Effects of TV, Drug Exposures in Early Life May Be Long-Lasting
Fetal and early childhood environment helps shape later outcomes, studies show
By Amanda Gardner
MONDAY, May 3 (HealthDay News) — A group of new studies demonstrate just how critical prenatal, maternal and environmental factors can be in shaping children's later health, both emotional and physical.
Among other things, the studies found that kids who stayed glued to a TV screen too long or were born to moms who smoked or took antidepressants during pregnancy had raised risks for behavioral and other problems later on in life.
"Early childhood is critical for the development of a multitude of skills," noted Richard E. A. Loren, clinical director of the Center for ADHD and assistant professor of clinical pediatrics at the University of Cincinnati College of Medicine. "It's not set in stone but certainly children that do better in early years continue to do better, and children who get behind have to work harder to get caught up — and some don't."
"We're learning how many critical variables [have an] impact on this period of prenatal development and postnatal behavior," added Dr. Kathryn J. Kotrla, associate dean and chairwoman of psychiatry and behavioral science at Texas A& M Health Science Center College of Medicine Round Rock campus.
The reports appear in the May issue of Archives of Pediatrics & Adolescent Medicine.
In one study, researchers at the University of Montreal assessed how much TV children were watching at age 2-1/2 years, then correlated that with behavior and health in the fourth grade.
Each additional hour watching TV was linked with declines in classroom engagement, math achievement (though not reading), and physical activity, as well as increases in soft drink and snack consumption, body mass index, and the tendency to be bullied by classmates.
Disturbingly, Loren pointed out, many of the children were actually watching TV at rates below those recommended by the American Academy of Pediatrics (which is no TV till age 2, then no more than 2 hours of "quality programming" a day).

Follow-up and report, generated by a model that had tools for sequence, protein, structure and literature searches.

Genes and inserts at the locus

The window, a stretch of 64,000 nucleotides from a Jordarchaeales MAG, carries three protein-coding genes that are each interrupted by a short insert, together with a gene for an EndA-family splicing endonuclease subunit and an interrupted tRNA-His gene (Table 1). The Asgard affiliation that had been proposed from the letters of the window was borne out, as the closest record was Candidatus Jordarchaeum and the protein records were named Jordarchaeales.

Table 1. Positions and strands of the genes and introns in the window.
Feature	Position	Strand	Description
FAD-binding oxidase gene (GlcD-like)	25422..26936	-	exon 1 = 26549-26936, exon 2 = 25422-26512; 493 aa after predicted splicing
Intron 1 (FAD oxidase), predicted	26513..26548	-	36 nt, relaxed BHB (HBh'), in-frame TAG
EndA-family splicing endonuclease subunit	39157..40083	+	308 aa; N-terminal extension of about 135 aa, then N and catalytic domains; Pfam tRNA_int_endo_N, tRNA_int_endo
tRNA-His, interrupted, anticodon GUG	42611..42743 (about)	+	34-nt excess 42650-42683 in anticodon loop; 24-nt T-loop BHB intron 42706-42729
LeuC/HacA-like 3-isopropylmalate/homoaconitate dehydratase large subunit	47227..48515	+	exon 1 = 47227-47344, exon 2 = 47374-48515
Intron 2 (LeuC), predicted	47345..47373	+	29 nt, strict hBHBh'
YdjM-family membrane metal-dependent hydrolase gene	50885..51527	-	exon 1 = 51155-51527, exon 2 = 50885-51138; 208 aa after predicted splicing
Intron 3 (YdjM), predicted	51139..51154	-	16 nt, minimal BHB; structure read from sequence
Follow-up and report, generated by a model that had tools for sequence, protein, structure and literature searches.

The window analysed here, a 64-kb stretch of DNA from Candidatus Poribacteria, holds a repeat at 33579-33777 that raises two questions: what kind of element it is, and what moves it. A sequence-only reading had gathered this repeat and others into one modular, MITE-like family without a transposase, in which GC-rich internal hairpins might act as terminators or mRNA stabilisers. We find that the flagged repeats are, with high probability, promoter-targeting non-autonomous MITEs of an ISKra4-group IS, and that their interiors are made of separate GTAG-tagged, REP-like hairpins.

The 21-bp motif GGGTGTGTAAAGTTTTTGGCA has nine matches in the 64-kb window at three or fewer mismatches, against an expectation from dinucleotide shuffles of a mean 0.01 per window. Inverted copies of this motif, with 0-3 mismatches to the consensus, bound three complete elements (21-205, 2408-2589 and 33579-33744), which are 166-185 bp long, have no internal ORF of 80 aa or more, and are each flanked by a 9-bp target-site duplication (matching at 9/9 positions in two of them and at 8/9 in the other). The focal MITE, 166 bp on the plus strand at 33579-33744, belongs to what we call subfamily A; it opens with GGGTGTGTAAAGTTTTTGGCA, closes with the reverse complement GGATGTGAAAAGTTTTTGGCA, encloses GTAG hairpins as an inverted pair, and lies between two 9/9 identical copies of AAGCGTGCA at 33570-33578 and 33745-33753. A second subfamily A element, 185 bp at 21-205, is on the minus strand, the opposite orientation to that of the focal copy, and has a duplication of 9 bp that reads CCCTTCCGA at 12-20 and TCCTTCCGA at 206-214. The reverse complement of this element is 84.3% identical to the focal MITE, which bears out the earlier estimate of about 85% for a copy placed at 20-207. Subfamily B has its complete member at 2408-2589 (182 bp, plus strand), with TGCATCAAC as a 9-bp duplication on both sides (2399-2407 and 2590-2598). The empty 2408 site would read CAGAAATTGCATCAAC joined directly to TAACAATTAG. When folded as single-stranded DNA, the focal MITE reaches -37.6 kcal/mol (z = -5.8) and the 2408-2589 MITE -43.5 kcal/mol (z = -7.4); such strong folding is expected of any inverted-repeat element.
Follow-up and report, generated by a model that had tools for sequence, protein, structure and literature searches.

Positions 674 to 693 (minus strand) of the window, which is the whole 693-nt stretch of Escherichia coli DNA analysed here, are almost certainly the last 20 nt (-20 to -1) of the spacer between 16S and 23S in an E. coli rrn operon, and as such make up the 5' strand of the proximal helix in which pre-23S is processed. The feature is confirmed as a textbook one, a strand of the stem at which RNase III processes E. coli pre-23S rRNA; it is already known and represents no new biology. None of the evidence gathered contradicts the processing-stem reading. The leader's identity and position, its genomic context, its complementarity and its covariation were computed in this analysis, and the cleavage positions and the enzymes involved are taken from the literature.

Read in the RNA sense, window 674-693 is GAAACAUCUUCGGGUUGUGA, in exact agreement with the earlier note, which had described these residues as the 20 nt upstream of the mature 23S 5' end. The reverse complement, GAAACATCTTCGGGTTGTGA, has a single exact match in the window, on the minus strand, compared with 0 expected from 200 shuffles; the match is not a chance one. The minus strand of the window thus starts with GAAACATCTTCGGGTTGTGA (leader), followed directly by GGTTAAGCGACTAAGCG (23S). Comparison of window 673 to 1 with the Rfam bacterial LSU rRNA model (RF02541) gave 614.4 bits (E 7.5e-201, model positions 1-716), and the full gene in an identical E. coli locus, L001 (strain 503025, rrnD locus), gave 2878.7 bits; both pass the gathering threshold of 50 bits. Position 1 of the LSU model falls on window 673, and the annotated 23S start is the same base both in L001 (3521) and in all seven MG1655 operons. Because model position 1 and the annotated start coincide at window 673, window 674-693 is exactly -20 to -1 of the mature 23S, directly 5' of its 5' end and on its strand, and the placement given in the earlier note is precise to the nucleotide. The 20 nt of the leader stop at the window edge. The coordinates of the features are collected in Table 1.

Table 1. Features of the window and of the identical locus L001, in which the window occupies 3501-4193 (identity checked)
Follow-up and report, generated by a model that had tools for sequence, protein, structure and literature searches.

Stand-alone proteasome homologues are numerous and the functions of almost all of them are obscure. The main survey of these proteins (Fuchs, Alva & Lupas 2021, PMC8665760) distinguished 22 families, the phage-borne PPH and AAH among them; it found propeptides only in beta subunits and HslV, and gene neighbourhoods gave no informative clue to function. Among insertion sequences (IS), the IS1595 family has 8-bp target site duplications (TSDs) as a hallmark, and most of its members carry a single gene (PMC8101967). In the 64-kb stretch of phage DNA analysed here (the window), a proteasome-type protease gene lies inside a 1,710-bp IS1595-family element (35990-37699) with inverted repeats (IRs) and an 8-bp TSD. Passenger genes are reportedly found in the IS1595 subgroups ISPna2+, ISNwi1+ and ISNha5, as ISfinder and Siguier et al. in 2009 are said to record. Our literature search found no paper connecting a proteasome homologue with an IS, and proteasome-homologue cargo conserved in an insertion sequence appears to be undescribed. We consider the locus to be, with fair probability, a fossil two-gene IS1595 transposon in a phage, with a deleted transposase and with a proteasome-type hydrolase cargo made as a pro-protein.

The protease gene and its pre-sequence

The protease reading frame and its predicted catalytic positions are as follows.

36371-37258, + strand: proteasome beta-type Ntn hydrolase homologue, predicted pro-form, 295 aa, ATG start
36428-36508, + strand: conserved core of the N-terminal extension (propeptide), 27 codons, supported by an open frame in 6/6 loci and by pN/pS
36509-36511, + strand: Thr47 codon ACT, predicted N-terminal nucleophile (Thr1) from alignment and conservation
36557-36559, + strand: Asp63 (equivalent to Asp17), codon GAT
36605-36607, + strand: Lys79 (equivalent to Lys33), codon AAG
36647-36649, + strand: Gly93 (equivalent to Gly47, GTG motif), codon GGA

"Yet they still found significant impacts on later functioning, which makes me think that maybe the recommendations need to be pulled up to no TV under the age of 3 or 4," he said.
The second study found that pregnant mom's use of antidepressants called SSRIs [selective serotonin reuptake inhibitors, such as Paxil, Prozac or Zoloft] as well as mothers' moods when the child was 3 correlated to anxious and depressive behavior in those young children.
"This doesn't mean that all children exposed to SSRIs while still in the womb are at an increased risk, only that some exposed children are, and at this point we don't know why," said study lead author Dr. Tim Oberlander, professor of developmental pediatrics at the University of British Columbia in Vancouver. "None of which is to say that pregnant women should not be treated for depression. All mothers need to be treated — just we have a lot to learn about who can benefit from pharmacological treatment with an SSRI."
"Given that we know that early exposure to stressful life experiences can set up a life time risk for poor mental health, our findings should also remind us that one of our greatest public health challenges remains the need to find ways to reduce early life stress," he added. "Just like we can vaccinate against infectious illnesses, why can't we 'inoculate' children against adverse effects of early life stress?"
Another study found that prenatal exposure to nicotine – although not to cocaine, opiates, marijuana or alcohol – was associated with sleep problems during the first 12 years of the child's life.
"Together, the two studies [on SSRIs and nicotine] suggest continued focus on the complexity of maternal-child bonding and interactions," Kotrla said. "Identifying concrete risk factors — nicotine, [genetic] variations, etc. — helps shape and define interventions targeted towards childhood emotional disturbances."
Finally, a study conducted by researchers at Hadassah Hebrew University Hospital in Jerusalem found that, among twins, the twin who weighed more at birth was more likely to have behavioral problems at 3 or 4 years of age.
Visit the American Academy on Pediatrics for more on child development.
SOURCES: Tim F. Oberlander, M.D., professor of developmental pediatrics, University of British Columbia, Vancouver; Richard E. A. Loren, Ph.D., clinical director, Center for ADHD and assistant professor of clinical pediatrics, University of Cincinnati College of Medicine; Kathryn J. Kotrla, M.D., associate dean and chairwoman of psychiatry and behavioral science, Texas A&M Health Science Center College of Medicine Round Rock campus; May, 2010 Archives of Pediatrics & Adolescent Medicine
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